The Tomatometer score — based on the opinions of hundreds of film and television critics — is a trusted measurement of critical recommendation for millions of fans. It represents the percentage of professional critic reviews that are positive for a given film or television show.
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The Tomatometer is 60% or higher.
The Tomatometer is below 60%.
Movies and TV shows are Certified Fresh with a steady Tomatometer of 75% or
higher after a set amount of reviews (80 for wide-release movies, 40 for
limited-release movies, 20 for TV shows), including 5 reviews from Top Critics.
Percentage of users who rate a movie or TV show positively.
Massa Marittima, Grosseto, Tuscany, Italy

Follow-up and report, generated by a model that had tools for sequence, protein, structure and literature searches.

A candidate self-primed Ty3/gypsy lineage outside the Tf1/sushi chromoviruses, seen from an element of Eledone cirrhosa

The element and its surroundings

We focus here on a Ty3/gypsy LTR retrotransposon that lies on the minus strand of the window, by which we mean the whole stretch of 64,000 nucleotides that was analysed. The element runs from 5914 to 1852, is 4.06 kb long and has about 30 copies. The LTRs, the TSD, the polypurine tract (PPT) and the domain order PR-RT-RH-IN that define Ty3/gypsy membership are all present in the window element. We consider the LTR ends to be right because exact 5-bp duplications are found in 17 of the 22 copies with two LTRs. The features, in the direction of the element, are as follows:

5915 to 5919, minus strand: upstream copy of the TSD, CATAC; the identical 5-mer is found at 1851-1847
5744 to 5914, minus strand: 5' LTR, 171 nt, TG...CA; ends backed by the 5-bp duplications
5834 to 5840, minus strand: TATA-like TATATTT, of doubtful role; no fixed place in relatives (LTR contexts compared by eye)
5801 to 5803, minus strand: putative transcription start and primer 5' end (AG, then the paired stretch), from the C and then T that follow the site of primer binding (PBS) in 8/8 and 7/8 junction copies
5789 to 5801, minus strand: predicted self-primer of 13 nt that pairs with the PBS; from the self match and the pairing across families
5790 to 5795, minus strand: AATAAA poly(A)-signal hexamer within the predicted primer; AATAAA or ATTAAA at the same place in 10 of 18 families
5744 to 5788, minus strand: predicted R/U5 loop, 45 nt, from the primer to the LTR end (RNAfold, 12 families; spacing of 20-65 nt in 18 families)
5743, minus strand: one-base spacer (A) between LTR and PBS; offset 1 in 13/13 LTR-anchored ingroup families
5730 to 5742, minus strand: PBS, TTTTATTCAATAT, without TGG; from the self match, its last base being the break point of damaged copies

Born in Massa Marittima, Italy on August 6, 1931, Umberto Lenzi was a movie enthusiast since his early grade school years. During those years, he founded various film fan clubs while studying law. Lenzi started out as a journalist for various local newspapers and magazines. Lenzi put off his law studies to pursue the technical arts of filmmaking at the Centro Sperimentale de Cinematografia.After graduation from the school, Lenzi continued working as a writer and film critic. He found employment as an assistant director before making his directorial debut with Le avventure di Mary Read (1961) (Queen of the Seas). Other pirate/sword flicks followed, starting with I pirati della Malesia (1964) (Pirates of Malaysia), which was part of the height of the career of fictitious tales of historic legendary characters including Robin Hood, Catherine the Great, Zorro, Sandokan and Maciste. For the movie Kriminal (1966), Lenzi turned to the new wave of adult-oriented comic books (known as fumetti) for fresh inspiration and initiated a popular trend.After directing a war film and two "spaghetti westerns," Lenzi turned to the giallo gene with Orgasmo (1969), starring Carroll Baker and Lou Castel, which was the first of his thrillers and one of his personal favorites. Retitled Paranoia for its USA release, Orgasmo caused some confusion since Lenzi directed a movie with the same name, Paranoia, in 1970 also with Carroll Baker. During the 1970s, Lenzi directed a number of giallo thrillers among them Così dolce... così perversa (1969) (So Sweet, So Perverse), Sette orchidee macchiate di rosso (1972) (Seven Blood-Stained Orchids) and Gatti rossi in un labirinto di vetro (1975) (Eyeball). None of them were particularly successful since Lenzi blamed his tight budgets and poor scripts, which he believed no director could do well with.In the late 1970s, Lenzi turned to the police thrillers (polizieschi), which rejuvenated his confidence and his popularity. Titles like Milano odia: la polizia non può sparare (1974) (Almost Human), Il trucido e lo sbirro (1976) (Free Hand For a Tough Cop), and La banda del gobbo (1978) (Brothers Till We Die) were the most popular and brutal of the thrillers. Prior to the polizieschi, Lenzi directed Il paese del sesso selvaggio (1972) (Man from Deep River), which was the start of the Italian cannibal sub-genre. A re-telling of the western A Man Called Horse (1970), with a south Asia setting, set the stage for a later group of extremely gory cannibal sub-genre movies most noteworthy being Ruggero Deodato's Ultimo mondo cannibale (1977) (Jungle Holocaust) which featured a potent combination of extreme violence in a documentary realism. Lenzi responded with two very gory jungle cannibal features, Mangiati vivi! (1980) (Eaten Alive) and Cannibal ferox (1981) (Make Them Die Slowly), which attempted to outdo Deodato's thrillers. The excess of Make Them Die Slowly, which was banned in 31 countries, made Lenzi distance himself from the cannibal genre.In between Eaten Alive and Make Them Die Slowly, Lenzi directed Incubo sulla città contaminata (1980) (Nightmare City), a zombie flick, with Lenzi rejected the slow-moving zombies of the Romero and Fulci movies for a more type of fast-moving, weapons toting, super zombies with action and an anti-nuclear message.During the 1980s and early 1990s, Lenzi turned his attention to other genres: action-adventure, war films and even made-for-TV dramas, although he directed the occasional thriller most notable in that time was La casa 3 (1988) (Ghosthouse). Lenzi's Le porte dell'inferno (1989) (Hell's Gate) is a seldom-seen horror film, which makes the most of its low budget. Lenzi claimed to have shot it in three weeks at a cost of 300 million lire, whereas low-budget Italian horror films shot in Italy or abroad cost an average of a billion lire or more. It represented a personal challenge for Lenzi since the entire movie takes place in a cave and the suspense is maintained for the entire 90 minutes.As his budgets and financing for his films dwindled, so did his output. The 1990s saw Lenzi directing a number of TV productions that were never broadcast, causing him lament upon the change in Italian film industry. After 40 years and directing over 60 films, Lenzi has today more or less retired and left his mark as one of the most creative and inexhaustible cult film directors of Italy.